Two right-wing operatives pleaded guilty on Monday in Cleveland to single felony counts of telecommunications fraud for having placed thousands of false robocalls in Ohio that told people they could be arrested or be forced to receive vaccinations based on information they submitted in votes by mail.
Jacob Wohl, 24, of Irvine, California, and Jack Burkman, 56, of Arlington, Virginia, could each receive a year in prison when they are sentenced Nov. 29 in common pleas court. They were indicted in October 2020 on numerous counts of telecommunications fraud and bribery.
Wohl's attorney, Mark Wieczorek, declined to comment about the his client's plea. Burkman's attorney, Brian Joslyn, did not immediately respond to a phone message seeking comment.
The two men were accused of arranging for a voice broadcast service to make about 85,000 robocalls to predominantly Black neighborhoods in Ohio, Michigan, New York, Pennsylvania and Illinois during the runup to the 2020 general election. Prosecutors said the pair were responsible for 3,500 calls to residents of Cleveland and East Cleveland.
Cuyahoga County Prosecutor Michael O'Malley at the time the pair were charged said they "clearly infringed upon that right in a blatant attempt to suppress votes and undermine the integrity of this election."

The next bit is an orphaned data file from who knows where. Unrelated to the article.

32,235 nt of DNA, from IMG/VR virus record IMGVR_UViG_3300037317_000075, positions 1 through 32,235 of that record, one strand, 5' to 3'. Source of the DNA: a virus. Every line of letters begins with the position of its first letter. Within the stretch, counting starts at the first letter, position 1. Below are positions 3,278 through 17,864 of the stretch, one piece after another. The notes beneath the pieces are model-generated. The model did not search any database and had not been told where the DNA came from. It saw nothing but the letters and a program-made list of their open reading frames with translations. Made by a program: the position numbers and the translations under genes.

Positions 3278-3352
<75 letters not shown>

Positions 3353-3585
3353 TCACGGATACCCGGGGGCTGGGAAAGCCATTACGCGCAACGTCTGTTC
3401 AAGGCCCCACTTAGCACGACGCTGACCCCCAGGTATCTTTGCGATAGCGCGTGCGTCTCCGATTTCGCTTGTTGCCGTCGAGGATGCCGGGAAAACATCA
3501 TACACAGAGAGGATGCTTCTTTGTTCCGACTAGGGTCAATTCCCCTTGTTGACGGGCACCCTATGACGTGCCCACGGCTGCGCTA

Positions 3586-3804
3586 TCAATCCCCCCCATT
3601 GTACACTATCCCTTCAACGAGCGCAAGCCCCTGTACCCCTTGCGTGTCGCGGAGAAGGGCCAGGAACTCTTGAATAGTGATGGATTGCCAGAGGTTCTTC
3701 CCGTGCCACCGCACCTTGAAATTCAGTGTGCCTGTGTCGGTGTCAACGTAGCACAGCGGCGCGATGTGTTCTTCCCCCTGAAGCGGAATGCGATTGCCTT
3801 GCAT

Ohio Attorney General Dave Yost, whose consumer protection unit assisted in the investigation, issued a statement Monday saying "voter intimidation won't be tolerated in Ohio."
The calls warned people that information included in their mailed ballots could be used by law enforcement agencies to enforce arrest warrants, to collect outstanding debts, and lead to tracking by the U.S. Centers for Disease Control and Prevention for mandatory vaccines.
Wohl and Burkman have a history of staging hoaxes and spreading false smears against Democrats and public officials.
The Associated Press reported in May 2019 that a 21-year-old college student from Michigan said the men recruited him to falsely claim he was raped by then-Democratic presidential candidate Pete Buttigieg, and published the smear without the student's permission.
Wohl denied the accusation, saying the student had reached out to him. Burkman said on Twitter that he believed the student’s initial account of the alleged assault was "accurate and true."
The men have been sued in federal court in New York City and face a $5.1 million fine levied by the Federal Communications Commission. Wohl and Burkman are appealing criminal charges filed against them in Detroit stemming from a similar bogus robocall scheme targeting Black voters.